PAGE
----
(Feature) The Slippery Slope


Everyone uses the slippery slope argument when it suits them and opposes it when it doesn’t.

It was used by the Left against the partial-birth abortion ban in 2003. It was used by the Right to oppose gay marriage in 2015. Both sides continue to use it today on any number of issues, from guns to immigration to the environment.

The slippery slope argument presupposes, usually without argument, a starting condition so precarious that the slightest tremor triggers a feed-forward avalanche, inevitably depositing us into the complete contrary condition from which we will be forever immovable, buried as we are under all that rubble.

In that way, the slippery slope argument is fundamentally superstitious, not to mention arbitrary and authoritarian, since by its very nature it denies problems rather than seeks solutions to them and opposes curiosity or experimentation of any kind. It is the intellectual and political equivalent of putting “Here Be Dragons” on a map. Whether there are any dragons is not open to question. You’re just not supposed to go there.

The argument, however, is not invalid — in the formal sense. A metaphorical slippery slope could exist. (I can recommend a good paper for anyone interested.) But that’s only true of its weak form. In its strong form, which is how it’s usually employed, it is no different than a false dilemma.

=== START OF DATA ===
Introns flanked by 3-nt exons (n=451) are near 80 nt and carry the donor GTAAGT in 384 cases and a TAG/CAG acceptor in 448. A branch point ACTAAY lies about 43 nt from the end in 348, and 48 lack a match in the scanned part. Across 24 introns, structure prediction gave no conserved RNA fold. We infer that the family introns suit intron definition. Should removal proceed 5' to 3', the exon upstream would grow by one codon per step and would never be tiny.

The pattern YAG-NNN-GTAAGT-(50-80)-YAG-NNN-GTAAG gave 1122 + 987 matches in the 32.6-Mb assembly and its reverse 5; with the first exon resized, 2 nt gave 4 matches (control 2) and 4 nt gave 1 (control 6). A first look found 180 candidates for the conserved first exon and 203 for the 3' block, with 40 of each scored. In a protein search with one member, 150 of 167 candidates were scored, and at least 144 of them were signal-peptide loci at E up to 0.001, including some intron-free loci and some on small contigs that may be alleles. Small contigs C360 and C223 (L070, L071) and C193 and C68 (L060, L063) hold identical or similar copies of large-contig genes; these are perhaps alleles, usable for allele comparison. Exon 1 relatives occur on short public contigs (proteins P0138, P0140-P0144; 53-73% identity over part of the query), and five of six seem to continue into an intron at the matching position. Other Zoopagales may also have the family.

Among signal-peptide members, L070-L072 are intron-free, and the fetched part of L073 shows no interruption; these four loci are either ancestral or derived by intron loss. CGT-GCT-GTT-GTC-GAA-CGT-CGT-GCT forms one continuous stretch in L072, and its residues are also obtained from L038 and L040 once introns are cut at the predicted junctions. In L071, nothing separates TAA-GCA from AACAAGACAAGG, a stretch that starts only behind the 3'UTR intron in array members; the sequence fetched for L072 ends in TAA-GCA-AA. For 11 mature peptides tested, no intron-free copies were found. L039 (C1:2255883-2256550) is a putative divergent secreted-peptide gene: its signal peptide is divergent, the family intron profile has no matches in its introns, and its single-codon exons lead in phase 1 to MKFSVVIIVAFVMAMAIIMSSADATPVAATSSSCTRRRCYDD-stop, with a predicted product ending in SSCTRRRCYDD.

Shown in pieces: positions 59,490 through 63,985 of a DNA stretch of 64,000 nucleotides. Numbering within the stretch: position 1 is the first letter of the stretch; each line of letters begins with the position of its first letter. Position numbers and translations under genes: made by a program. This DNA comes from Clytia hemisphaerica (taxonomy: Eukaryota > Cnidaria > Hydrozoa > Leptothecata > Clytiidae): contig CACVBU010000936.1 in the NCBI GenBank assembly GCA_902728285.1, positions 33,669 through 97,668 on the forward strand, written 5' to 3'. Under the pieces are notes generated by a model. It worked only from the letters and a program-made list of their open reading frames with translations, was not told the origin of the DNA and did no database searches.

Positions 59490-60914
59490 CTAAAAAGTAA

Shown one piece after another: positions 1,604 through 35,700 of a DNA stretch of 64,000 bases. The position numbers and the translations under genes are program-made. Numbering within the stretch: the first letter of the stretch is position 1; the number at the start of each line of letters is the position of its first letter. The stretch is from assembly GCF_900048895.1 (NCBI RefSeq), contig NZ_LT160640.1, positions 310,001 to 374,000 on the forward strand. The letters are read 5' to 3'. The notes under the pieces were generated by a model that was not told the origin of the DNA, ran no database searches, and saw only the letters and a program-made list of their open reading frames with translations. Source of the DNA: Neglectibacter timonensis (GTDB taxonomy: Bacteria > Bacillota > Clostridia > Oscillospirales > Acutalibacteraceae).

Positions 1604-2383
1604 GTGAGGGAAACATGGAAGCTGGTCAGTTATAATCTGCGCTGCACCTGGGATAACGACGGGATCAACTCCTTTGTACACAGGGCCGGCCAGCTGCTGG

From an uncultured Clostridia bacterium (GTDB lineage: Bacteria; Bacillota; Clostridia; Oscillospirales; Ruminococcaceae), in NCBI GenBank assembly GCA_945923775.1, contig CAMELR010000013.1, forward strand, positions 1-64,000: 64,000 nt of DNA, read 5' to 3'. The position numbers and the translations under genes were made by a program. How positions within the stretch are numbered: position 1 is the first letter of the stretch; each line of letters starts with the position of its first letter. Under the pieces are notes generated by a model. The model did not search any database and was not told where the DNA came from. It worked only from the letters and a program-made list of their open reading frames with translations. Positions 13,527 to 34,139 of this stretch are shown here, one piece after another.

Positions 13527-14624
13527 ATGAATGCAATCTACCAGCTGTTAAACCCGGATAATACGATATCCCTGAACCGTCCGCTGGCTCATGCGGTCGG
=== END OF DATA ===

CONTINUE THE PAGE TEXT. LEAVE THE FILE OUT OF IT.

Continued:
False dilemmas positively pervade politics, advertising, and polite speech. The reason is simple. They’re convenient. They pacify a complex and uncertain world. They take the crust off the sandwich of thought and peel its fruits and vegetables of their difficult-to-chew nutrients.

I suspect they’re also hard-wired into the brain, which we now know is a cognitive miser; it doesn’t want to think about anything it can invent a good reason not to.

Toward that aim, the slippery slope argument works better than a false dilemma for being deceptively cloaked. The slippery-slope arguer acknowledges, passingly, the existence of numerous possible alternative outcomes. Pragmatically, however, there are really only two: for or against, a tenuous present or a dystopian hell, with nothing between. A classic false dilemma.

In my experience, that is almost never the case. In my experience, the world is — except under certain rare fringe conditions — actually refractory to large-scale change, an uphill slope rather than a downhill one, where it gets harder and harder the more you push.

This is especially true in politics, where popular movements tend to weaken as early successes are achieved and the perception of risk abates, which explains why goal-directed change is rare in history — which brings up the second, latent function of slippery slope arguments: they empower a ruling elite.

If a slippery slope argument is true, not only is complexity denied and understanding irrelevant, dialogue is as well. There are only two choices, one of which we know to be right, so engaging on the other is a waste of time.

In that way, belief in the slippery slope is socially stable because it insulates the believer against alternative information. Group coherence is conserved, and the status quo–be it on the Right or Left–is reinforced, which is reassuring to in-group members.

This is why even small political battles tend to be championed on both sides as existence-level threats, with extreme labels applied to the opposition and internal dissent shouted down.

As such, I’ve found use of slippery slope arguments to be a fair proxy for small thinking.